Wright Museum of World War II presents the exhibit,The Forgotten War: Korea 1950

From June 24 to August 12, 2018, the Wright Museum of WWII in Wolfeboro will host the photographic exhibition, “The Forgotten War: Korea 1950.” The exhibit, 35 remarkable photos by Max Desfor, originally opened in Seoul in 2014 and traveled throughout Korea where more than 250,000 people saw it.

Desfor was an Associated Press photographer who covered WWII and other events in troubled parts of the world. To show its appreciation for his challenging work, the Associated Press assigned him to Florida in 1950 as a staff photographer. Instead, he chose to cover the Korean War.

Desfor remembered that his AP boss said, “That war won’t last more than two weeks.” He spent three dangerous years in Korea from 1950-1953. Using a Graflex camera, he captured the people’s plight and the world of the American soldiers who fought in that war. Even though he was a professional photographer, he lived like a soldier, suffering in the extreme cold and witnessing the horror and destruction that surrounded the Americans while recording images with his camera.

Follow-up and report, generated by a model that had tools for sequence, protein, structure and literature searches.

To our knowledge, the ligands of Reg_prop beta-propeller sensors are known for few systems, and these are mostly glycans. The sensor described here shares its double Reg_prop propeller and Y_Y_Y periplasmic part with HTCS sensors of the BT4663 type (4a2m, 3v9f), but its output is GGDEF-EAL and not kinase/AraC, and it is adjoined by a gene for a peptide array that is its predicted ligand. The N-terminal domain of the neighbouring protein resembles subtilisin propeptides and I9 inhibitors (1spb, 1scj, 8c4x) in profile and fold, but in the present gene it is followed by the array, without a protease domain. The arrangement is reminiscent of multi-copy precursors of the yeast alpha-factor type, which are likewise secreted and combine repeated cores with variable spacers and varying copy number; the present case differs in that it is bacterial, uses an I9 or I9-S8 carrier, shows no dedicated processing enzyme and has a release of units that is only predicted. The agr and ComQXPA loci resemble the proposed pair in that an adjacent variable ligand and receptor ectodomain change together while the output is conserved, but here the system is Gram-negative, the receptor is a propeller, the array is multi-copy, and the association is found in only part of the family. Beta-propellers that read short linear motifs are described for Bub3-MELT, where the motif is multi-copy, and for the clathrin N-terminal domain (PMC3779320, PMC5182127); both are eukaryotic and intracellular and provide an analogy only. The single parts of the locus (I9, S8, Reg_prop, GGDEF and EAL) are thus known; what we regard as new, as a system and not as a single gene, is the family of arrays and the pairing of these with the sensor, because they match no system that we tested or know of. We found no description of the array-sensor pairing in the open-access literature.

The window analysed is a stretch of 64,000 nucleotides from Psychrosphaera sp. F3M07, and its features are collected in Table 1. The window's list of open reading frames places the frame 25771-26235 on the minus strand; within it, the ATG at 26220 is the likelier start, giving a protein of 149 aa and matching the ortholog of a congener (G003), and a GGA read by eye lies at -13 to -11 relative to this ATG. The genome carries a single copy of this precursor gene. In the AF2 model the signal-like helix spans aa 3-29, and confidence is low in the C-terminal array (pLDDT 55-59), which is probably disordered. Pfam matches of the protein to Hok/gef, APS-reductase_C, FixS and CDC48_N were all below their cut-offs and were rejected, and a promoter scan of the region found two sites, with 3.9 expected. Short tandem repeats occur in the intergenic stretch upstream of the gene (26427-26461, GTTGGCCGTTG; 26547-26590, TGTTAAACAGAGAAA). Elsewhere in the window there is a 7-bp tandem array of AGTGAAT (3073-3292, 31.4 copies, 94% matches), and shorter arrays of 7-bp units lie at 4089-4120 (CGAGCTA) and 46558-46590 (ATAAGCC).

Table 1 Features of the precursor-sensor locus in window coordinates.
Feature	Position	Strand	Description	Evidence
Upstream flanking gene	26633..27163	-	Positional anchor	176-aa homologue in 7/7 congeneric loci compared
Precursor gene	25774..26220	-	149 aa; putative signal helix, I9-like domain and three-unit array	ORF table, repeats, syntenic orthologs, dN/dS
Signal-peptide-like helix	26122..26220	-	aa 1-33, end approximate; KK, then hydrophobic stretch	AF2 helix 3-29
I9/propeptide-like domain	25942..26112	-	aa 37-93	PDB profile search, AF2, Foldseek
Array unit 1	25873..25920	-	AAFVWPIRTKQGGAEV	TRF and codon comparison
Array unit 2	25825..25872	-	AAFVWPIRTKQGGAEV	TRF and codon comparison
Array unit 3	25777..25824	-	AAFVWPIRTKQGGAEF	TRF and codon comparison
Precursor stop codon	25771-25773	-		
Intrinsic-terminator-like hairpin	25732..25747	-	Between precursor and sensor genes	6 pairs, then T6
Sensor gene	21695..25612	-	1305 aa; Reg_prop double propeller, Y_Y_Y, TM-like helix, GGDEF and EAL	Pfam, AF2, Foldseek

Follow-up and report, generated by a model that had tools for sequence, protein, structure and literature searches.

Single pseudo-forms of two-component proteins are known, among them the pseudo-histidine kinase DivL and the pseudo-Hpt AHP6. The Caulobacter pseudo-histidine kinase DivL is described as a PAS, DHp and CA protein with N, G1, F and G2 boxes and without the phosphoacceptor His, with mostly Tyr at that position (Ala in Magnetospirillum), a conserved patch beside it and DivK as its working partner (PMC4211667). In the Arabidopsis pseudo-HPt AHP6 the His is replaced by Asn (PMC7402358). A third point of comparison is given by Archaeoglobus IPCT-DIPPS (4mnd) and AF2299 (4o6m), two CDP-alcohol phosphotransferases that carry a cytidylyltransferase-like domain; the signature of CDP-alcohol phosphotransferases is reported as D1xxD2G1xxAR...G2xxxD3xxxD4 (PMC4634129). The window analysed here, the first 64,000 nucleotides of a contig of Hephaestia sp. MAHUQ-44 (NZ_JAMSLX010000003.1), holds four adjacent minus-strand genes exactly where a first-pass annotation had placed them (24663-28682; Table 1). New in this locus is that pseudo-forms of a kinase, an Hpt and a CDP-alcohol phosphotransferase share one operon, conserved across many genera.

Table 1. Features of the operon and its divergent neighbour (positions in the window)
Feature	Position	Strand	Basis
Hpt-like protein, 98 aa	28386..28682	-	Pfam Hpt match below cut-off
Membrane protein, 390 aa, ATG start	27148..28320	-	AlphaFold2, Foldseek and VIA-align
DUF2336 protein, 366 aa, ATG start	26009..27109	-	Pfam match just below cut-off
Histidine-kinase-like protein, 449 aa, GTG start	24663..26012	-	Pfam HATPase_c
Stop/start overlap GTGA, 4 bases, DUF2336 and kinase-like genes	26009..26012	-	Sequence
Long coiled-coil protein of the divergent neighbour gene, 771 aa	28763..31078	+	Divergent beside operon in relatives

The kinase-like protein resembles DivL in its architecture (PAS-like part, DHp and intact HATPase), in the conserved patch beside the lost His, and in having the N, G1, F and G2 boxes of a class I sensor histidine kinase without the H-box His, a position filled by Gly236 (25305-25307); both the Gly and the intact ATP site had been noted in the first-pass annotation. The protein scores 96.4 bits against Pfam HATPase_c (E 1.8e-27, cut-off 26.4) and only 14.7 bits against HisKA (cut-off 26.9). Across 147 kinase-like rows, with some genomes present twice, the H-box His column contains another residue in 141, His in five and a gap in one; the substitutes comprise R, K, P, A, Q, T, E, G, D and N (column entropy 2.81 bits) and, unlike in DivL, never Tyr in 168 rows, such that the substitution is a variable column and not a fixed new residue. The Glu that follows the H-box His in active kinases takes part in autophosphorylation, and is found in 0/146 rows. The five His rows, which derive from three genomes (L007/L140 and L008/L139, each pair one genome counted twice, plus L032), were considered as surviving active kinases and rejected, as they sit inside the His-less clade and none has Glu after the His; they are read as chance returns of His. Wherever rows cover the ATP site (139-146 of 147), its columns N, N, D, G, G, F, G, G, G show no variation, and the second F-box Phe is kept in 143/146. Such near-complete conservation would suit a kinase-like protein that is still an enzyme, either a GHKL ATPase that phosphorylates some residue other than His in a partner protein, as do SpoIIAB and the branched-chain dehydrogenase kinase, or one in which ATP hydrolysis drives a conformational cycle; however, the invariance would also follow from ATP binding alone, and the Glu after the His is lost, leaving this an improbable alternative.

He remembered making his best photos when the North Korean army took the city of Pyongyang. To avoid capture, he and his reporter fled town and made it over the Yalu River on a pontoon bridge in a jeep driven by a signal corps photographer. Immediately after crossing, he looked to his right and saw an old bridge covered with people. The bridge had been destroyed during bombing, yet people were crawling over the bridge to escape the North Korean army. Climbing a ridge, he found an overlook. Conserving his 4×5 Pan X 100 ASA film, he made just a handful of images in the freezing weather.

“We invite all to take this rare opportunity to see these iconic images of what has been called a ‘Forgotten War,’” said Michael Culver, executive director of the museum. “This is a war in which almost 40,000 Americans died and more than 100,000 were wounded.”

While covering the Korean War, 20 of his photographs were submitted by the AP for consideration by the Pulitzer Prize Committee. He was awarded the Pulitzer Prize in 1951.

After this ‘Forgotten War,’ he went on to cover Vietnam and President Richard Nixon’s 1976 trip to China. In 1978, he left the AP to become a photo editor at U.S. News & World Report. A year later, he was named director of photography.

Max Desfor died on Feb. 19, 2018, in Silver Spring, Maryland. He was 104.

Wright Museum is open daily through Oct. 31 with hours 10 a.m. to 4 p.m. Monday through Saturday and noon to 4 p.m. on Sunday.